Gourmet Burger Kitchen (GBK) has appointed financial services company Deloitte to handle a Company Voluntary Arrangement (CVA) for the struggling high street burger chain, which reported huge losses and offered a cautionary statement only last month.
Famous Brands, the parent company which owns GBK, said last month:
Difficult trading conditions persisted across all our markets during the review period, with common features including intensified competitor activity and margin pressure in the context of economic hardship.
Now, according to The Times, with Deloitte as “restructuring advisers,” the burger restaurant chain is considering wholesale closures under the conditions of any proposed CVA, which would follow in the footsteps of Jamie’s Italian, fellow burger group Byron, and Italian high street stalwarts Carluccio’s.
However, GBK has told Eater that those claims are “erroneous” and that the company is not yet considering closures.
GBK’s struggles are, it appears, the result of rapid expansion since 2001 coupled with a stymied approach to the innovation necessary to support that expansion: While competitors with more progressive offerings have grown steadily and newer chains with more defined propositions have also thrived, GBK has remained stagnant. The chain’s struggles — and the struggles of Jamie Oliver, Byron, Carluccio’s and contemporaries — are reflective of the “rents, rates, high street declining, food costs, Brexit, [and] increase in the minimum wage” that Oliver called a “perfect storm.”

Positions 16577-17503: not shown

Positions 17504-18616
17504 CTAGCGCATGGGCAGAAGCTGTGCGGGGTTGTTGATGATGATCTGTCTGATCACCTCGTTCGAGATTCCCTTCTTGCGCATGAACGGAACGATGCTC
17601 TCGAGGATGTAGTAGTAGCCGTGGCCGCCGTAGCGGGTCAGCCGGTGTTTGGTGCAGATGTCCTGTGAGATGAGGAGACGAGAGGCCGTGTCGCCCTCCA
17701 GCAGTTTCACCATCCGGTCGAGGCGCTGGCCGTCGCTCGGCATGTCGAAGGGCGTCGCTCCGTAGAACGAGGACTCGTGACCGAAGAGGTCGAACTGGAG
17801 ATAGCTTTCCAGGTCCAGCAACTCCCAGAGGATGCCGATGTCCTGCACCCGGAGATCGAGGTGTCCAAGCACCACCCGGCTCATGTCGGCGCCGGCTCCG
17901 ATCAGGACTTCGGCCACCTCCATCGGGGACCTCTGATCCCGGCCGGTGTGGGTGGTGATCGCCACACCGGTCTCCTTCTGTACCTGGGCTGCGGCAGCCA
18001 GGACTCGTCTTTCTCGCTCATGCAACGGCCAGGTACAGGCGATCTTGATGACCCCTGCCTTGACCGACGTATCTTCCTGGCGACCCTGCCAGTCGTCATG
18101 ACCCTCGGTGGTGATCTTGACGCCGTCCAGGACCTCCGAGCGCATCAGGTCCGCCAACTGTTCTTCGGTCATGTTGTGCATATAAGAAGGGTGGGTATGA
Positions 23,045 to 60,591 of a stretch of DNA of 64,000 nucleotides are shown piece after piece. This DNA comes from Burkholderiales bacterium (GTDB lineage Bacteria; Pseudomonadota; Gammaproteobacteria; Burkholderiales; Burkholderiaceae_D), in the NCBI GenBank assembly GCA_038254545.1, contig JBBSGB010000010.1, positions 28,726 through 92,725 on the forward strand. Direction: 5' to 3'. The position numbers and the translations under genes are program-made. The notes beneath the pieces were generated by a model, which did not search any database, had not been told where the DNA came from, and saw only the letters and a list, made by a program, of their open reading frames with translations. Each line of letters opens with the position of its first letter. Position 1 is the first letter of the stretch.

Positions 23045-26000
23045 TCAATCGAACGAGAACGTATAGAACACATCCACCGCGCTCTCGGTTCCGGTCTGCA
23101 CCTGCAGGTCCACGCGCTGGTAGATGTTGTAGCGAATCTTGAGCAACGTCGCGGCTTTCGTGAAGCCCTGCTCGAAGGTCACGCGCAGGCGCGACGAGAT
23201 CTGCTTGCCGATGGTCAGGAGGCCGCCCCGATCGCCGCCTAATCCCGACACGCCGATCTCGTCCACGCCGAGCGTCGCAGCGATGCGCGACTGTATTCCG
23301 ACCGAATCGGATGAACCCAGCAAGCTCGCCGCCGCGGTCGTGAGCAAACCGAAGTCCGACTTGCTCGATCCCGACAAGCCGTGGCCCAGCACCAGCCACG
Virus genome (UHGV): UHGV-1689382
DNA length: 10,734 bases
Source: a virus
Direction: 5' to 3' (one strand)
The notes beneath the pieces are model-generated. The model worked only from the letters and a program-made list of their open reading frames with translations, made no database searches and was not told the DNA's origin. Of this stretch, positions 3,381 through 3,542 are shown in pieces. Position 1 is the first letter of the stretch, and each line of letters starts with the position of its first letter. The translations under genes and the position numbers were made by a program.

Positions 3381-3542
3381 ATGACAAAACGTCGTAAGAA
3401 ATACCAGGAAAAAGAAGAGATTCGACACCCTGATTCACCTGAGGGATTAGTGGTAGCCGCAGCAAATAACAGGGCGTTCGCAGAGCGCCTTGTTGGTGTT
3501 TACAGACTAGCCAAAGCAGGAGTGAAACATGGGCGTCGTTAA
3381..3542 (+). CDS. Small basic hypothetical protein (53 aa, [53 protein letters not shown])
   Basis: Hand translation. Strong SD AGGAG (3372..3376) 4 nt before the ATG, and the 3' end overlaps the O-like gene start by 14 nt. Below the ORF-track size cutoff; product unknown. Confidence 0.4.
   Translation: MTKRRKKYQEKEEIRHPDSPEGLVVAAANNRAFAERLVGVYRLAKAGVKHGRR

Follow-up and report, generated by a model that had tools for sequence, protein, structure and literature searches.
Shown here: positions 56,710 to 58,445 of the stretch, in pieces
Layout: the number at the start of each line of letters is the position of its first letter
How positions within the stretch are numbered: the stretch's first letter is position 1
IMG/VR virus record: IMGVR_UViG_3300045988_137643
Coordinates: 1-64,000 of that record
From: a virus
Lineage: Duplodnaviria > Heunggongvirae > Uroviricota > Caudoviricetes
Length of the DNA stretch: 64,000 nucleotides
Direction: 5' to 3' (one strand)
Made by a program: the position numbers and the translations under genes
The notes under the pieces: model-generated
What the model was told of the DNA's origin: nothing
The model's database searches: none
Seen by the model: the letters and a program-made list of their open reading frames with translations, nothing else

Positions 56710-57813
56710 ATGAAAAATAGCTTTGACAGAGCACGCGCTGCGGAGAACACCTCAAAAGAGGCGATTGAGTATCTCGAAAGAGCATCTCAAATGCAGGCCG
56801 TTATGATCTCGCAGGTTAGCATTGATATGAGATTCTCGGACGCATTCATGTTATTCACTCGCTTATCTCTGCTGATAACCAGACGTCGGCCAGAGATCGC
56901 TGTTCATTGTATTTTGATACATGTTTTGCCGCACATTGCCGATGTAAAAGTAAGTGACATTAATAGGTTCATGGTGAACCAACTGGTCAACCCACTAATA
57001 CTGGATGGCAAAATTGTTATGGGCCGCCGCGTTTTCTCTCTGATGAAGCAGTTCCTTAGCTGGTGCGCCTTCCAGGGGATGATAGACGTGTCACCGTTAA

They are also reflective of the rapidly rising benchmarks for quality expected of restaurants, particularly in London, and restaurants that fall short in customers’ eyes will lose money, trade, and, eventually, themselves. Conditions are difficult, but it’s also unrealistic to put all the blame on extenuating factors.
Correction 5.09.2018: This article originally stated that GBK was “reportedly in administration,” which was inaccurate.
- Gourmet Burger chain eyes closures [The Times]